Thursday, April 7, 2022

Moved to

I've moved! I've switched blogging platforms (i.e. hashnode) and bought my own domain: Check out my first blog "Why a .fail domain?". It will be the home to all my new articles, so subscribe to my newsletter. I plan on keeping all the articles here on blogpost without migrating them to my new domain. Blogspot was great and it met the need of being a low-barrier way to start blogging. It was just time to buy my own domain and have better support for writing developer-focused articles that use markdown. Anyways, see ya there.

Thursday, October 8, 2020

H2 URL with PostgreSQL mode and jOOQ

Just a quick code snippet to show my future self how I was able to finally get H2 working with a jOOQ query that in production hits a PostgreSQL database. I spent hours trying to get this to work. H2 kept complaining about not being able to find the public schema when our jOOQ query was attempting to execut a query like select * from "public"."customer". It's wasn't the schema it was having trouble with but the quotes. I figured this out by pulling up the H2 console and trying the query with and without quotes and without the quotes it worked. So then I figured out that I needed to somehow tell H2 this was for PostgreSQL. H2 has a MODE option that you can set.

The following is the code snippet that finally worked. I have not optimized it. The url value contains all my attempts to get this thing to work. I think it can definitely be trimmed down but that's out of scope for this blog. I'm just trying to save others some time including my future self.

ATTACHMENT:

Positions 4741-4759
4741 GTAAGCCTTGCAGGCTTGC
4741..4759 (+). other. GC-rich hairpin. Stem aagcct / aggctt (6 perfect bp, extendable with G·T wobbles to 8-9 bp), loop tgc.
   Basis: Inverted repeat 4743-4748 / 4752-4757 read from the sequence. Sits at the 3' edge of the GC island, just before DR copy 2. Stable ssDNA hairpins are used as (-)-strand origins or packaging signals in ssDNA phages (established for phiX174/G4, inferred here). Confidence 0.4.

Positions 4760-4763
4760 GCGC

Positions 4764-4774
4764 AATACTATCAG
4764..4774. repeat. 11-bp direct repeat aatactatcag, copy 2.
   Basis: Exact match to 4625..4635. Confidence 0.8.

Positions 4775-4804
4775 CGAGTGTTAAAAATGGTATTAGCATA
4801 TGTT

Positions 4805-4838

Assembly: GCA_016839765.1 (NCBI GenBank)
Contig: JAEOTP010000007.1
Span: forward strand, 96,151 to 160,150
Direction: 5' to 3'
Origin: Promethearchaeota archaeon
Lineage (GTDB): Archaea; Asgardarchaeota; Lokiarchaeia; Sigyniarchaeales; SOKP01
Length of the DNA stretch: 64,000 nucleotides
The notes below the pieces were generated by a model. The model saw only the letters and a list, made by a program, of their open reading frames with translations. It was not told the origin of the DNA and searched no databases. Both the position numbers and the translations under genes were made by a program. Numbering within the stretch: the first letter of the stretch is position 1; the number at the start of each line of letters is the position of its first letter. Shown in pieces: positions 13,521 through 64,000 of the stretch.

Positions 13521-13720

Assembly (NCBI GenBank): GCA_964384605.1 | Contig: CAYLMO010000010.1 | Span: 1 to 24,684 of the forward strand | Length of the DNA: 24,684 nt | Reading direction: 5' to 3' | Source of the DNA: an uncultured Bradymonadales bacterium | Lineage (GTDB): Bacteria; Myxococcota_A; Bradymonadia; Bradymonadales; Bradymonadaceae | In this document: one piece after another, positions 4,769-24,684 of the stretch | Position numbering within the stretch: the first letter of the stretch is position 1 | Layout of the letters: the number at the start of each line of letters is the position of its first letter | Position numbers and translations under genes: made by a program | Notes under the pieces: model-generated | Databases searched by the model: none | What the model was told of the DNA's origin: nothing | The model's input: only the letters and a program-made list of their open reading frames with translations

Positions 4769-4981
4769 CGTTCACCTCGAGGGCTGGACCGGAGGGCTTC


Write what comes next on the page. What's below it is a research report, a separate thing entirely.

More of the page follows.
import org.springframework.boot.jdbc.DataSourceBuilder;

		+ ";INIT=create schema if not exists public AUTHORIZATION sa\\"
		+ ";RUNSCRIPT FROM 'classpath:schema.sql'"
		+ ";SCHEMA=public"
		+ ";MODE=PostgreSQL"

Thursday, February 27, 2020

Parameterized Tests: An Underused Technique

Over the past several years I've come to really value Parameterized Tests. I think they are an underused technique that should be considered more often. They make it easier to cover more of the test space and reduce cognitive load by being succinct.

So what are Parameterized Tests? Well they allow developers to run the same test multiple times over a set of different values. Here is a simple Java example using Java's Stream class with AssertJ:

Stream.of(null, "", " ", "false", "FALSE")
        .forEach(value -> assertThat(Boolean.valueOf(value)).isFalse());

Cucumber Inspiration

I first discovered this technique with Cucumber, which has the ability to run a scenario multiple times over a set of different values using a Scenario Outline. Prior to this I was in the habit of copying and pasting a Scenario and tweaking the Given and Then steps; or I wouldn't test all the sad path combinations in an effort to reduce test maintenance. Learning about the Scenario Outline changed my world. I was able to combine multiple scenarios into a single scenario and the result was more comprehendible and easier to maintain. For example, this is a common Scenario Outline we might use to test an API endpoint to ensure it validates the input. Previously, this would have been spread across multiple scenarios or not tested at all.

Scenario Outline: Should return a 400 when signing up with an invalid email address
  When I attempt to sign up with email "<email>"
  Then I should be returned a "400 Bad Request" status code

    | Email                       |